From journalists Mick Bunnage and Jon Link, Modern Toss is a Channel 4 series adapted from their independent comic and website. Making use of both live action and animation, it's one of the best British comedy sketch shows to appear in years.


Space Argument

Mr. Tourette

The second series is currently airing in the UK on Channel 4 and on Bravo UK's Adult Swim. Series 1 is available on DVD. In America, the Modern Toss books are available (though without the word 'whore' on the cover)

Spy Pictures
Modern Toss (Channel 4)
Modern Toss (Wiki)

Thursday, 20 March 2008

19th/20th Century JAPANESE TOY DESIGNS

BibliOdyssey have provided a link to the Kyosen Guangucho portion of the Ningyo-Do Bunko database of late 19th and early 20th century toy designs. The samples on show here are from the dozens of albums available. Having been cropped and cleaned up, these give some indication of the beauty and breadth of what is on offer.

Kyosen Guangucho
Japanese Toy Designs (BibliOdyssey)

Biography of the PEACE SYMBOL

The National Geographic Society Press is releasing a book in time with the 50th Anniversary of the peace symbol. Peace: The Biography of a Symbol traces its development from the pinnafore symbols for N and D (Nuclear Disarmament) with a circle to symbolise the globe through its five decade history.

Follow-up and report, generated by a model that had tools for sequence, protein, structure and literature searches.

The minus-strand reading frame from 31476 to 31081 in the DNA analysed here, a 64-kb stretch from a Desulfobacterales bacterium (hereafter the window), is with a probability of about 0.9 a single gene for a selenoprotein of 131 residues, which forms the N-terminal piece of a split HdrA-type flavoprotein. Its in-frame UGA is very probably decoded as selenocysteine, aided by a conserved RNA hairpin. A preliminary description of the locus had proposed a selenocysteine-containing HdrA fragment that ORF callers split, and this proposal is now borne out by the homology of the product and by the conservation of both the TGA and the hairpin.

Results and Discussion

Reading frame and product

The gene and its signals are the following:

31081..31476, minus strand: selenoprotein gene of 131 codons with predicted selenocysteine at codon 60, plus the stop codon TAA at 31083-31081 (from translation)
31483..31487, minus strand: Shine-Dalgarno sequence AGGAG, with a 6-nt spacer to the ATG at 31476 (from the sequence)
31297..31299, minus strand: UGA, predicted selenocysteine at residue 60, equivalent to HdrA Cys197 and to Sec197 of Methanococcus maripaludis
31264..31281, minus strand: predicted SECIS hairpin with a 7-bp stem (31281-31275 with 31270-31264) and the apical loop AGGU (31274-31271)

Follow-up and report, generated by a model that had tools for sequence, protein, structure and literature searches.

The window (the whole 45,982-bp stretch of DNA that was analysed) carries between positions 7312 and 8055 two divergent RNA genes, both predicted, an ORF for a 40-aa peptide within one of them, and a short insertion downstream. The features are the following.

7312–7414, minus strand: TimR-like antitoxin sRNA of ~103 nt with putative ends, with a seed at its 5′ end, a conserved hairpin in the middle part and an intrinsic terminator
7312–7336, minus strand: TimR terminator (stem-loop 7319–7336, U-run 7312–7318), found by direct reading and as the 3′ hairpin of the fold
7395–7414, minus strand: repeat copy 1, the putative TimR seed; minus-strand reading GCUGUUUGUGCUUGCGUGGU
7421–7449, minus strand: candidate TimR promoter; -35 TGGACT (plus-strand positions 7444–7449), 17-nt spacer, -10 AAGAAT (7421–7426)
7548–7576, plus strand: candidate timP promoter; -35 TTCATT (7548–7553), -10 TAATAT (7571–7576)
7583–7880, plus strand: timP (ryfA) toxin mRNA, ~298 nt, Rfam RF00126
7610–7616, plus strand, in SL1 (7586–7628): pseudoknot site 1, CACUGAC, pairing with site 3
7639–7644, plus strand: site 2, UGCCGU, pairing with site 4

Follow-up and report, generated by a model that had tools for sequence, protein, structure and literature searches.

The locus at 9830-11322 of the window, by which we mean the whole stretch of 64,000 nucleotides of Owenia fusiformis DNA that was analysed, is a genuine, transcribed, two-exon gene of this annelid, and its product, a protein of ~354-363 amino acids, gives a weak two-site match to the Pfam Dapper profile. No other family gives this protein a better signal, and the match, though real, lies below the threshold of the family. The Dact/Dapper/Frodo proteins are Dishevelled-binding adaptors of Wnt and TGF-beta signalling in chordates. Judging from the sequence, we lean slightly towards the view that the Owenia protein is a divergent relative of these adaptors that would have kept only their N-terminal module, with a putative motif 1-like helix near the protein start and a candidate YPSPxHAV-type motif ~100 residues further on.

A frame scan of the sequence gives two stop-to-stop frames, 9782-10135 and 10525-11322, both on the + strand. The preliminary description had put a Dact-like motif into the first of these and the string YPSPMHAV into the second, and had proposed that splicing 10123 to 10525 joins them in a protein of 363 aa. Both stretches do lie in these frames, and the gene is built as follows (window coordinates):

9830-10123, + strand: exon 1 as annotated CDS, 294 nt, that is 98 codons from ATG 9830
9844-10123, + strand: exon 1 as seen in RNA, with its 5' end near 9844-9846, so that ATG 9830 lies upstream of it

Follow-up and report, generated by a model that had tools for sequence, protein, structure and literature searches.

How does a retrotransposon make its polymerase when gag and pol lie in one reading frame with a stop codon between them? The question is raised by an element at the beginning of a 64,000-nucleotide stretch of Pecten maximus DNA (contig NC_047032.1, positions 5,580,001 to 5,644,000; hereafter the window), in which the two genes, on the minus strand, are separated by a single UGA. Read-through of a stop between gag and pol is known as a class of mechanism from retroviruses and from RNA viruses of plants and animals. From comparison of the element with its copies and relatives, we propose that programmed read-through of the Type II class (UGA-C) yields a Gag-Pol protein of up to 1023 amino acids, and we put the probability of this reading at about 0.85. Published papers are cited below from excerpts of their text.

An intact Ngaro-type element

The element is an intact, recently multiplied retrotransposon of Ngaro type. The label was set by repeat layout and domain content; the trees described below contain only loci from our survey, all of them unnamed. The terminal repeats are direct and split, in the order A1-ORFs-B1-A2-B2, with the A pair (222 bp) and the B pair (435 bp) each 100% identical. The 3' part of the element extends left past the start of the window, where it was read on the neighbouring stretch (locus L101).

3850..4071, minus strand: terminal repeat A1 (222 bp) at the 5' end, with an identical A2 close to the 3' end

Here is the full press release:

PEACE: The Biography of a Symbol

Commemorating the 50th Anniversary of the Peace Sign

WASHINGTON (Dec 21, 2007) -- The peace symbol. It is recognized around the globe. It has become an enduring cultural icon. For five decades, millions of people worldwide, regardless of race or religious beliefs, have looked to the peace sign to unite them. And the symbol's appeal continues with each succeeding generation.

In April 2008 the peace sign turns 50. To commemorate this anniversary, National Geographic Books is publishing a tribute that traces the world-famous pictogram as it evolved from a 1950s anti-nuke emblem to a defining icon still widely seen and used today. PEACE: The Biography of a Symbol (National Geographic Books; ISBN: 978-1-4262-0294-0; April 1, 2008; $25 hardcover), by Ken Kolsbun, with Michael Sweeney, is a one-of-a-kind story about the origin of the peace sign, the man who created it and its enduring relevance through the past 50 years.

The story of the peace sign began in the spring of 1958 when peace activists, clergy and Quakers in Great Britain organized a rally to draw attention to the testing and stockpiling of nuclear weapons by some of the world's most powerful countries. Gerald Holtom, a textile designer and commercial artist from Twickenham, suggested the demonstrators carry posters and banners with a simple visual symbol he had designed. He created the symbol by combining the semaphore letters N and D, for nuclear disarmament.